# Best book for Lagrangian of classical, scalar, relativistic field?

• I
• StenEdeback
In summary, the Lagrangian of a classical (non-quantum), real, scalar, relativistic field is derived from symmetry principles. It can be found using a book by Goldstein or Greiner.

#### StenEdeback

Hi all experts!

I would like to read about the Lagrangian of a classical (non-quantum), real, scalar, relativistic field and how it is derived. What is the best book for that purpose?

Best regards,
Sten Edebäck

What aspects that were not covered by your latest thread do you want to know about? There really is not much more to it.

StenEdeback
Well, I am still curious about the formula in the attached file. It is not the same as the Lagrangian that I am used to. My question is really: "How do you arrive at the Lagrangian formula in the attached file? And how do you prove that it is useful, that is describes a physical system?"

#### Attachments

• Lagrangian density classical relativistic field.jpg
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Generally, you do not arrive at a Lagrangian. You assume a Lagrangian and from that you compute the equations of motion and compare to experiments. In some cases, it is possible to make educated guesses regarding what the Lagrangian should be based on what you know about a system.

StenEdeback said:
It is not the same as the Lagrangian that I am used to.
It seems to be the standard Lagrangian for a scalar field. What Lagrangian are you used to?

StenEdeback, malawi_glenn and vanhees71
You can use symmetry principles to restrict your lagrangian

StenEdeback and vanhees71
Thank you! I have understood now that you make an "educated guess" to find the Lagrangian and then check if it works. My problem is basically that I need knowledge of classical relativistic fields, so I have now started to read the book "Special relativity and classical field theory" by Leonard Susskind and Art Friedman, and that has already spread some light over my foggy thoughts. So, to study Quantum Field Theory I first need to study some Classical Field Theory. It is the same situation as when I started to study String Theory which I was curious about. After a while I found that I needed knowledge about Quantum Field Theory. So I started reading at the top and then needed to go down stepwise. It is still very interesting and fun. And Physics Forums have knowledgeable and helpful people, which is very valuable to me. Thank you so much again!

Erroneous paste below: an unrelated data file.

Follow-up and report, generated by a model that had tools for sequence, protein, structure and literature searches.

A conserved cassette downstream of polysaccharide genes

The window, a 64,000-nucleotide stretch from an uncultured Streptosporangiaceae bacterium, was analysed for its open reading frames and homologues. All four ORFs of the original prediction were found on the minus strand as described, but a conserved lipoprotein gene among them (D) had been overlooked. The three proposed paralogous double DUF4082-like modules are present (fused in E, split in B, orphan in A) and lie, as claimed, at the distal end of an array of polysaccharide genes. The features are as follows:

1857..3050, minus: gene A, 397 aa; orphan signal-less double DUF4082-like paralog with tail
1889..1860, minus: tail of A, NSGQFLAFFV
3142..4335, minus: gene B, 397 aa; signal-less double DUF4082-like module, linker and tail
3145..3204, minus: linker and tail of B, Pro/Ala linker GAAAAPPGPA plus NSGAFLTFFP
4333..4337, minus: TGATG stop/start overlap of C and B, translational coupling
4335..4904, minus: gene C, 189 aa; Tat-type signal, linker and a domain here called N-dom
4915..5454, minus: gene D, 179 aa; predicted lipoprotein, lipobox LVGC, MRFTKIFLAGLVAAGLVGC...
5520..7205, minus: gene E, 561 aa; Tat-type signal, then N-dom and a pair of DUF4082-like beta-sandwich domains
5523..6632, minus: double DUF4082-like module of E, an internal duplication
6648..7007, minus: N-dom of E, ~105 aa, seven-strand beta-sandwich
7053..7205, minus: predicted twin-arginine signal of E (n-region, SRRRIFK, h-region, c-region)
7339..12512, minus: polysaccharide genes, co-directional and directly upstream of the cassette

vanhees71
Chapter 13 in Goldstein's classical mechanics is a decent read.

And then you realize that in order to study this chapter, you need to read many more chapters in that book.
And so on :)

Chapter 2 in Greiners "Field quantization"

Chapter 1 - Tongs qft lecture notes https://www.damtp.cam.ac.uk/user/tong/qft.html

StenEdeback and vanhees71
Thank you! I will have plenty to read. :)

vanhees71

## 1. What is the best book for learning about Lagrangian of classical, scalar, relativistic field?

There are several books that can provide a comprehensive understanding of Lagrangian of classical, scalar, relativistic field. Some popular options include "Classical Field Theory" by Davison E. Soper, "The Variational Principles of Mechanics" by Cornelius Lanczos, and "Theoretical Physics" by Joos, Born, and Heisenberg.

## 2. What are the key concepts to understand in Lagrangian of classical, scalar, relativistic field?

Some key concepts to understand in Lagrangian of classical, scalar, relativistic field include the Lagrangian density, Euler-Lagrange equations, and the action principle. It is also important to have a strong understanding of classical mechanics and special relativity.

## 3. How does Lagrangian of classical, scalar, relativistic field differ from Lagrangian mechanics?

Lagrangian of classical, scalar, relativistic field is an extension of Lagrangian mechanics, which deals with systems of particles. Lagrangian of classical, scalar, relativistic field deals with fields, which are continuous functions in space and time.

## 4. Are there any real-world applications of Lagrangian of classical, scalar, relativistic field?

Yes, Lagrangian of classical, scalar, relativistic field has many applications in theoretical physics, specifically in the study of fundamental particles and their interactions. It is also used in the development of quantum field theories and in the study of cosmology.

## 5. Is Lagrangian of classical, scalar, relativistic field difficult to learn?

The level of difficulty in learning Lagrangian of classical, scalar, relativistic field may vary depending on an individual's background in mathematics and physics. While it may be challenging, with dedication and a strong foundation in classical mechanics and special relativity, it can be understood and applied effectively.